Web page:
On defense, well, he could sure block some shots.

Denzel Valentine

Denzel Valentine (MSU verbal) — I did get a good look at Lansing Sexton's Denzel Valentine and his Michigan Mustangs team. He has great length for a 2-guard at 6'5" and his game is very smooth. He plays with a lot of confidence and never seems to be in a hurry or get flustered. He's also unusual for a 2-guard in that he seems to be looking to pass first, almost to a fault. He's a smart player with tremendous court vision but he has a tendency to look for the spectacular pass, even if it's not there. He's like Korie Lucious in that, and only that, way. He definitely gets his shots in, but it's generally within the flow of the offense. He never seemed to be trying to dominate the game and on a team that features high-scoring Javonte Hawkins, among others, he didn't need to.

I wish I had been able to see some of their Sunday games, when they made it to the Gold bracket finals before losing to the eventual overall runner up, the unfortunately named DC Assault. The game I saw was against an overmatched team from Illinois, so Valentine and the Mustangs were never really pushed. As far as his skills go, Valentine seemed to have a great handle. Of course if you talked to the guy from Illinois next to me, who loudly lobbied for a palming call every time Valentine touched the ball, you might get a different answer. He didn't take a lot of outside shots but from what I saw in warm-ups and the few he did take, it's probably still a developing part of his game. I did see him hit one nice three from the right of the key.

The question last summer was whether Valentine could play the point for MSU. I wouldn't say the one game I saw provided any definite answer. The Mustangs don't use Valentine at the point, but they have Chris Harrison-Docks of Okemos there, a skilled and experienced ball-handler with multiple D-I offers of his own (though he does have a tendency to pound a hole in the floor with his dribble). As mentioned, Valentine possesses the primary skills of a point, and could probably handle it in a pinch, but it doesn't seem like his natural role.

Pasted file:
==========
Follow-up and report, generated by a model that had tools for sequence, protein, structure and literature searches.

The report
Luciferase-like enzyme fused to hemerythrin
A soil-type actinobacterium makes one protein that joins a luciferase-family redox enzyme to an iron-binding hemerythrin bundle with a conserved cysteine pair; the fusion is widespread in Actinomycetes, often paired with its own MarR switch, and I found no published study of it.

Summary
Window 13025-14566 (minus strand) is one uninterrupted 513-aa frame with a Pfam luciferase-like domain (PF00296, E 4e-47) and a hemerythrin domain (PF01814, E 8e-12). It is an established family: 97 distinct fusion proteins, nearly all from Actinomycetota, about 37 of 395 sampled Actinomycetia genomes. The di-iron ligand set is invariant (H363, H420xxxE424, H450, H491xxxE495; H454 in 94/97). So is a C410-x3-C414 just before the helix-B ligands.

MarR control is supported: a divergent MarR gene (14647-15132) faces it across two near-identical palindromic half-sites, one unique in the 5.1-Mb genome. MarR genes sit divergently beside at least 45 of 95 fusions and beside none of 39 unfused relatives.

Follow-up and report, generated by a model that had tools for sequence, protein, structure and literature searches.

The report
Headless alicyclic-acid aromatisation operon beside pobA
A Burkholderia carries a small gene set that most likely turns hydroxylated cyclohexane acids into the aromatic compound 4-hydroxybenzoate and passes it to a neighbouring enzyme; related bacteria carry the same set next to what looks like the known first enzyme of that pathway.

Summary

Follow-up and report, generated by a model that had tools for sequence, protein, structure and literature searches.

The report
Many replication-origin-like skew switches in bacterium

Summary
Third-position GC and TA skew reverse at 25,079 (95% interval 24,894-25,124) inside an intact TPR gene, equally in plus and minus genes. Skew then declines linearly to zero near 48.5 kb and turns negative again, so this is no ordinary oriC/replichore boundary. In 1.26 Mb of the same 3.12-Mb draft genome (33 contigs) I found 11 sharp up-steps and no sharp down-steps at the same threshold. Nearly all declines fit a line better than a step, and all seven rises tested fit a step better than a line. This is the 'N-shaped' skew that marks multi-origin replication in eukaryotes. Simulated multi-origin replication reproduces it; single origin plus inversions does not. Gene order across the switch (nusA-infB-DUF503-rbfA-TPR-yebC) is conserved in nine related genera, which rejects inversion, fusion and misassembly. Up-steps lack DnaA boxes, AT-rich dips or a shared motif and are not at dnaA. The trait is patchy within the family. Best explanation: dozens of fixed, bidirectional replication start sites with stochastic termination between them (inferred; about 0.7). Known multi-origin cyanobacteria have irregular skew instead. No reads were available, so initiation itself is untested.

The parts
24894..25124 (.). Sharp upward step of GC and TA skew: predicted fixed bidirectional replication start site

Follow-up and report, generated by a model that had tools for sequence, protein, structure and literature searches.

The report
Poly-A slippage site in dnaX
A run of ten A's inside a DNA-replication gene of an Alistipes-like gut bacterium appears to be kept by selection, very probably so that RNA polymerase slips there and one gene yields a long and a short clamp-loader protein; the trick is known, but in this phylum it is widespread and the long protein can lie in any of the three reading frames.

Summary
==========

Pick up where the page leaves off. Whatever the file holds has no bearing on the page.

Defensively he also looked good. His length causes a lot of problems for the usually smaller players he has to guard and he had several steals in the game I saw. In fact, I would imagine he's going to be a stat sheet stuffer, as he scores, distributes and rebounds capably as well as getting some steals.

Class of 2013

Monte Morris
Monte Morris

Monte Morris and Denzel Watts — Since these guys are teammates on Team Detroit as well as point guards from Flint in the loaded Michigan 2013 class I thought I'd cover them together. Patrick Hayes did a piece on the two of them earlier this year here on TOC and I covered both of them as part of the larger class back in November.

You can actually see footage of the game I watched over at UMHoops. As you can see from the camera angle, we were forced to watch the game from a sort of catwalk above the court. Apparently Dylan was the tall guy with the video camera on the other side of the column from me. He got some suprisingly good footage which I encourage you to check out.

What follows should not be taken as me jumping off the Morris bandwagon. I'm still convinced he's one of the top point guards in the state. He just didn't have a particularly impressive game on this occasion. As Dylan notes, the opposing team was seriously overmatched, there were clock problems and the Team Detroit starters all got a lot of bench time. Not ideal circumstances for anyone to shine. For a look at Morris that shows him to better advantage, take a look at this footage of him shot by our friends at Michigan Prep Stars (@MichiganPrepStars on Twitter).